“As a conservative banker, I’m concerned every day,” said Michael Bahl, principal agriculture industry specialist at Wells Fargo Bank in Owatonna, Minn. He thinks Minnesota farmland that has reached $8,000 to $10,000 an acre is “too high.”
Purdue’s Gloy watches the “value-to-cash rent multiple” of farmland, which indicates how much buyers are paying for each dollar of rent they could collect for the land. A high number suggests that buyers may be overpaying.
The ratio hit a high in Minnesota in 2007 and remains at levels not seen in 45 years, according to a Star Tribune analysis of U.S. Department of Agriculture data. It’s at similar highs in Iowa, Illinois and Indiana and hasn’t fallen back in those states, according to Gloy’s analysis.
“We’re in uncharted territory,” Gloy said.
While farmland prices in the U.S. Midwest corn belt could be a “bubble,” some see more potential in the Great Plains, according to a Bloomberg News report that quoted Detlef Schoen, managing partner at Aquila Capital.
Schoen thinks new seed varieties and changing weather patterns could mean more regions of the country could be used to grow crops such as corn and soybeans.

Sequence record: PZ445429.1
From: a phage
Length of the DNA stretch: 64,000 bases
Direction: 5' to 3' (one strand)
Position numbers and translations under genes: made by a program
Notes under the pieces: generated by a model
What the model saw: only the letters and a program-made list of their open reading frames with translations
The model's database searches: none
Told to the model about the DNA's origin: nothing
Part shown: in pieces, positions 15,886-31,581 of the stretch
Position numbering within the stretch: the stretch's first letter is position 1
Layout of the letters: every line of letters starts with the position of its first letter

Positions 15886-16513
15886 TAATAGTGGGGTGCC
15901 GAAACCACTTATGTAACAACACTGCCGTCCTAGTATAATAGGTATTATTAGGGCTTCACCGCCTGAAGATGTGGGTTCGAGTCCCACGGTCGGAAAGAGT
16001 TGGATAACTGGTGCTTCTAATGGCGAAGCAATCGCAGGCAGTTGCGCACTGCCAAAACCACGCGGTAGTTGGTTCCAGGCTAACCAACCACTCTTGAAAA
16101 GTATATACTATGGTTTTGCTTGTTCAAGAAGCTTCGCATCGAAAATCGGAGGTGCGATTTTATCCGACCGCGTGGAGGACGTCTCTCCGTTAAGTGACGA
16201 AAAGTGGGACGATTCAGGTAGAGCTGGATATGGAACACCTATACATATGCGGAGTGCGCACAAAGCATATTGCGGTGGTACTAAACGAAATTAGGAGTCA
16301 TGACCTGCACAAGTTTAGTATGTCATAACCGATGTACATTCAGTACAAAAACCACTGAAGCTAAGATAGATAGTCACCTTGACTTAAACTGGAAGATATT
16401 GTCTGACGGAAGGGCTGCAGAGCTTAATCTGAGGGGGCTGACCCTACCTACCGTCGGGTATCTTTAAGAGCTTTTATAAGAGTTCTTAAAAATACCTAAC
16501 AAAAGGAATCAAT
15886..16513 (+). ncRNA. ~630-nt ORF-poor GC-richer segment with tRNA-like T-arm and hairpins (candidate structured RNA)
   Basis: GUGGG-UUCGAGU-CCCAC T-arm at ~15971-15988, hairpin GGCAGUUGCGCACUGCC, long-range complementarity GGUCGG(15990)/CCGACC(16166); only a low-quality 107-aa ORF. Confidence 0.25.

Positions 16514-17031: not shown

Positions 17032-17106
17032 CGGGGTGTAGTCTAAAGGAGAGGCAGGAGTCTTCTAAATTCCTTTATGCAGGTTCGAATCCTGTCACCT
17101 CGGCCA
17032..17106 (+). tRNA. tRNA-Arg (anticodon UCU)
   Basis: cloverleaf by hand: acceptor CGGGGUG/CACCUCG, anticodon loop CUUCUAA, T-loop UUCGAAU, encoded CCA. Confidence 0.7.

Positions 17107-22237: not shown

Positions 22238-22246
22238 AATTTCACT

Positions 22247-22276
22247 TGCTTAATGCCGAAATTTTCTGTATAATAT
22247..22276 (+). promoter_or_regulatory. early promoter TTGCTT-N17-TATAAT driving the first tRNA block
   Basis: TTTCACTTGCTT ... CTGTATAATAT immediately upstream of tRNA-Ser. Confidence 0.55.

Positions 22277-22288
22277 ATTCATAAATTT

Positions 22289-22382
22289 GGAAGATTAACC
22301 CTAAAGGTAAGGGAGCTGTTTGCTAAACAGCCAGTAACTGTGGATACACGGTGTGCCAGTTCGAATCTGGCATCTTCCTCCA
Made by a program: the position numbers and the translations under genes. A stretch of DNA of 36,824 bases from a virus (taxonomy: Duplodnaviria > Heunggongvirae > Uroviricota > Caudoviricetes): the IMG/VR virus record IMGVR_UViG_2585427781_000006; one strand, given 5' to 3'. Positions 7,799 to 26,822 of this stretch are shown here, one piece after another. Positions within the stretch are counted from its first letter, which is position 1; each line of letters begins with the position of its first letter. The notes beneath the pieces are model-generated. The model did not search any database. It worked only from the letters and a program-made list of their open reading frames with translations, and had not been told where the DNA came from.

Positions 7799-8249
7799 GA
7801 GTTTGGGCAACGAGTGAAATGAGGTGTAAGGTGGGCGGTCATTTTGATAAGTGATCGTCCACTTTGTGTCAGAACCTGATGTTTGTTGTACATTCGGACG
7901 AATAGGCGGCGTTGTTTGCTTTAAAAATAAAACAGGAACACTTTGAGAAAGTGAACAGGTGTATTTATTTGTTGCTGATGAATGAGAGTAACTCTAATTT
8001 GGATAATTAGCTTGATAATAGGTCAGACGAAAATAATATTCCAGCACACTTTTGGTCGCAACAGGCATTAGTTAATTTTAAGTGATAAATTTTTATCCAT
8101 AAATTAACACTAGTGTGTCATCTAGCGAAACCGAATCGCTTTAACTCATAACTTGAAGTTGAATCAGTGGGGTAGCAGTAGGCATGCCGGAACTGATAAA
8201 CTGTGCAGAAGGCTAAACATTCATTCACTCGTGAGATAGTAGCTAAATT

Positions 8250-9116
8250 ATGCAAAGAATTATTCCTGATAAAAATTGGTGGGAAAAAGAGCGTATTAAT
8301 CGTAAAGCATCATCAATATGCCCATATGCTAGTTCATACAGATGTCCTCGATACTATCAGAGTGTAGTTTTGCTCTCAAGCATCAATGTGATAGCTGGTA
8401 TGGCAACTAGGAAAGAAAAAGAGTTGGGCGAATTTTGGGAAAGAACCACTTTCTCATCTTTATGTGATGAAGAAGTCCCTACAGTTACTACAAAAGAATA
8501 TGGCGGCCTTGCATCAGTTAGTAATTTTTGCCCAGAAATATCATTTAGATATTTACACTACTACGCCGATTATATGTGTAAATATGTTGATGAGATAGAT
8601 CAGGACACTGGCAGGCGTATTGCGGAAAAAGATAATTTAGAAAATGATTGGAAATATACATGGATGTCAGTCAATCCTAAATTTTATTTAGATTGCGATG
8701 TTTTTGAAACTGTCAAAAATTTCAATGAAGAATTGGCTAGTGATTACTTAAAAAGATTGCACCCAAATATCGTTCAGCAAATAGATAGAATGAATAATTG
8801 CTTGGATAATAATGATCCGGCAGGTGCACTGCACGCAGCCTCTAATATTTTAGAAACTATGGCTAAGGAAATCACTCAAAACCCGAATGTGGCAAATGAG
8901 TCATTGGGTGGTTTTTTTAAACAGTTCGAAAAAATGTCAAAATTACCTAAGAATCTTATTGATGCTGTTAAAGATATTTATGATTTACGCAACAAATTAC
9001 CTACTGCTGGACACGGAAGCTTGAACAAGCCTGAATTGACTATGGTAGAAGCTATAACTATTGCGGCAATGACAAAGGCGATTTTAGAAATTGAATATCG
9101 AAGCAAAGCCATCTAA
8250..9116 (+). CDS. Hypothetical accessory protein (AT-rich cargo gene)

Farming is the ultimate hard-luck profession, forever at the mercy of weather and faceless commodity markets. In recent years, though, the rewards for many crop farmers have been bountiful.
Sitting in his home office in southwest Minnesota overlooking two large shiny new steel corn bins, Gene Stoel sums up the past couple of years: “It’s been very easy to make money,” said Stoel, 57, a veteran corn and soybean farmer near Lake Wilson, Minn. “This has been a very good age for farming.”
Last fall, Stoel bought 160 acres, increasing the size of his farm by about a quarter. “You’ve got to keep growing, or you’ll be left behind,” Stoel said.
He paid $6,300 an acre. Three years ago, he bought an 80-acre parcel. It’s a little less fertile than his recent purchase, but it cost only $3,200 per acre.